It did not disappoint. The Force Awakens will undoubtedly push the franchise along for the foreseeable future. To make a long story short and relatively spoiler-free, there was quite a bit of amazingly framed nostalgia alongside some great new characters. Most importantly, it felt like a Star Wars movie – the kind that I remember from my youth. Much more so than the prequels, which stretched my ability to suspend disbelief to its very limits.
Although I see some revisiting of the Star Wars soundtracks coming up soon, this annual post is a look back rather than a look forward. The first half of the top 20 was posted about a month ago. I had a pretty decent lock on the top 10 even at that point, but I have struggled really hard this year with the specific order of the top 5. Each of those albums have, at one time or another, decisively held that number one position. It might be easier to consider it a five-way tie for number one, but that is most certainly cheating. Undoubtedly, though, if any reader were to wonder what albums were my favorite for 2015, I would suggest them without hesitation.
10. Anekdoten – Until All the Ghosts Have Gone: Many years ago, I became a devoted fan of From Within, but sadly never delved any further into Anekdoten’s catalog. This year, just as I was considering taking the plunge, Until All the Ghosts Have Gone was announced and, thankfully, seemed to pick up right where From Within left off.
9. Sloan – Double Cross: Navy Blues burned brightly for me a couple of decades ago, but ultimately fizzled out in the long term. Double Cross, however, became the go-to Uber record for me this year, and has the unusual distinction of succeeding at being both a cohesive album and a collection of quality standalone tracks.
8. Yes – Time and a Word: The passing of Chris Squire caused me to consider both Yes’ back catalog and identity quite a bit this year. Time and a Word was lurking in the dark corners of my collection and emerged as a surprise favorite just as his illness was announced, but it also represents a whole lot of Yes that went through the player, not the least of which was reconnecting with 90125, one of my all-time favorite albums.
7. Low – Ones and Sixes: This was a surprise that came out of nowhere, purchased only with the coercion of a single positive review and the incorrect assumption that they were a different band. It was an immediate sell, however, and has emerged as a very strong favorite in the past few months.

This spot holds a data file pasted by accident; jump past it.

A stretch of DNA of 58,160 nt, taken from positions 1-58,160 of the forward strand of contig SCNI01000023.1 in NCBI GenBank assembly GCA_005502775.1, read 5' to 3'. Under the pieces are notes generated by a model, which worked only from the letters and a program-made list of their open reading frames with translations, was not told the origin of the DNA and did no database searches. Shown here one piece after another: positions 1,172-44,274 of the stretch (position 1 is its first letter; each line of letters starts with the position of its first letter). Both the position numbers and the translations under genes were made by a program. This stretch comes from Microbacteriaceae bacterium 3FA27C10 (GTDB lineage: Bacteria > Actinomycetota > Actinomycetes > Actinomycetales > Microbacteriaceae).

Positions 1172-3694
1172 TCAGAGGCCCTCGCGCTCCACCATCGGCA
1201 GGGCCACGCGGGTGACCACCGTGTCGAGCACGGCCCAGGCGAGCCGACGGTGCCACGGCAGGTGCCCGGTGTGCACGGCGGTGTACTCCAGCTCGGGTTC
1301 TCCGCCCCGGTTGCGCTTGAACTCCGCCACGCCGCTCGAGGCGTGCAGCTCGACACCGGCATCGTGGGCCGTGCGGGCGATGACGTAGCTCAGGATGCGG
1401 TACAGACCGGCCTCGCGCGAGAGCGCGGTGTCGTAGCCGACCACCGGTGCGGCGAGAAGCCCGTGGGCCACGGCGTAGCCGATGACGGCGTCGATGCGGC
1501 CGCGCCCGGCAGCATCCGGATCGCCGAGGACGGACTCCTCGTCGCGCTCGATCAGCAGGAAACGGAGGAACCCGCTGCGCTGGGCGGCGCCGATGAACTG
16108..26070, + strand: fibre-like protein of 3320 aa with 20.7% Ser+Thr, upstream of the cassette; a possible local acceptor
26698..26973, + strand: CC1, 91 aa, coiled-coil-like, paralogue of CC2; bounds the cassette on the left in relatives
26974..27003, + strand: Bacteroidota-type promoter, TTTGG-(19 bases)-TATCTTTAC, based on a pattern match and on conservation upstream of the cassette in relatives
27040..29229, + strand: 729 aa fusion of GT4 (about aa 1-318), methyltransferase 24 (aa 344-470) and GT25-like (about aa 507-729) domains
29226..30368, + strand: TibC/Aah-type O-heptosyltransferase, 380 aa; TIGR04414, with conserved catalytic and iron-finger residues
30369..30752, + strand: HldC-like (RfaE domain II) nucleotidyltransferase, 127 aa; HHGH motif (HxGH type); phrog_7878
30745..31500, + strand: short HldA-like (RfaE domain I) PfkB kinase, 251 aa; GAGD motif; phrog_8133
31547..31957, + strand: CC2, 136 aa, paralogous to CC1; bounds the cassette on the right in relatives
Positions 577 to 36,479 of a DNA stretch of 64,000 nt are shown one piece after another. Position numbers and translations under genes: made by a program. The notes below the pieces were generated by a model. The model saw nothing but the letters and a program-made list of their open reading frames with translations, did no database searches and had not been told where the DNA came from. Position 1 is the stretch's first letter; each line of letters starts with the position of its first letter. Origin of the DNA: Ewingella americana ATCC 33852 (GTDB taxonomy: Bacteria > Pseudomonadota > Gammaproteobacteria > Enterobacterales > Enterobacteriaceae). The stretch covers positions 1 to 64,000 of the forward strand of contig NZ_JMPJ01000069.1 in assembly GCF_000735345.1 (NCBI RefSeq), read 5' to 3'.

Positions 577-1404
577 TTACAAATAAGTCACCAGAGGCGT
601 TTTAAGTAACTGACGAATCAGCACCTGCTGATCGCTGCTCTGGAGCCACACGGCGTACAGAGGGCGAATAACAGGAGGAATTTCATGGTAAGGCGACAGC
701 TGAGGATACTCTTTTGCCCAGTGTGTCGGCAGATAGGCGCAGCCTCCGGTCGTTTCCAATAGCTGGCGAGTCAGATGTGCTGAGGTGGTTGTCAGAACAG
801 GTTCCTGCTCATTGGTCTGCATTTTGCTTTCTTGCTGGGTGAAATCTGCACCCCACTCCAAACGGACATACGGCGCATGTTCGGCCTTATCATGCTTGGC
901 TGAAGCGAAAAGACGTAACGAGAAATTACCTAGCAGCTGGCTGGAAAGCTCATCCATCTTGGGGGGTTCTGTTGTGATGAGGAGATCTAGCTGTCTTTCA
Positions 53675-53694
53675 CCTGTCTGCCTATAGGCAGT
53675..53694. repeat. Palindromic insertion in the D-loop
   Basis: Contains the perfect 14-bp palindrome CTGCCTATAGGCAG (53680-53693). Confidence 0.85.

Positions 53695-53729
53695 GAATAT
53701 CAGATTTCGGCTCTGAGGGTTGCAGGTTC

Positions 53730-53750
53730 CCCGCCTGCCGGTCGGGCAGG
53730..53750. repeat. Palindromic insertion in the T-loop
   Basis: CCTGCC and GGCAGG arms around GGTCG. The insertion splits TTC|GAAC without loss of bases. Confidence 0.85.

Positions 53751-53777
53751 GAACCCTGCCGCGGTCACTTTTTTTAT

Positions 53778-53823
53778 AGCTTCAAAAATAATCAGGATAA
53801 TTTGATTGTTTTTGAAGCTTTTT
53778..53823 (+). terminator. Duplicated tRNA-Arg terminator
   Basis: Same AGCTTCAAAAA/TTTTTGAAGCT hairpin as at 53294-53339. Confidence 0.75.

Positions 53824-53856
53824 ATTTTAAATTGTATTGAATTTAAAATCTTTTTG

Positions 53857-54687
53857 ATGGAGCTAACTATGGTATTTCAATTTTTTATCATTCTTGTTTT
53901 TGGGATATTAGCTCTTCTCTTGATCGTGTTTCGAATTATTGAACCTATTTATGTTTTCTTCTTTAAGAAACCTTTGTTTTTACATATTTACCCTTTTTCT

6. My Brightest Diamond – This is My Hand: If we were going by total number of times played, This is My Hand would probably be number one. This was a big, big hit with not just me, but the whole family.
5. Steve Reich – Music for 18 Musicians: Although it doesn’t work well when left on repeat, Music for 18 Musicians is an extremely satisfying listen that I keep returning to. As I have stated elsewhere, it works on multiple levels, and as such has served as the soundtrack to several long family drives in which I am the only one awake.
4. Anathema – Distant Satellites: The rules state that an album's year of release is not a stipulation, but this fantastic album was at the top of a lot of 2015 lists, so it seemed redundant to make it the album of 2015. Even so, it has been the album to beat all year, and it was still in consideration until the very last minute.
3. Shye Ben Tzur, Jonny Greenwood, and the Rajastan Express – Junun: This was a very late entry, but in terms of its concept, musicality, and cultural relevance, Junun has every right to be album of the year. In fact, the only thing that knocked it down from consideration was its relatively late release date.
2. Steven Wilson – Hand. Cannot. Erase.: Steven Wilson is a long-time favorite of mine, and early on, I really wanted to put this one in the top slot. I think that in some ways, Hand. Cannot. Erase. is more distinctive than its predecessor (which was #2 in 2013), but the overall originality of the "album of the year" winner gave them a slight edge.
1. Beauty Pill – Describes Things as They Are: This album has everything – quirky songs, outstanding playing, and an overall novel approach to a unique style of art rock. It’s also accessible enough to appeal to my whole family, despite a few instances of slightly off-color language that the Little One has thankfully not quite caught onto yet.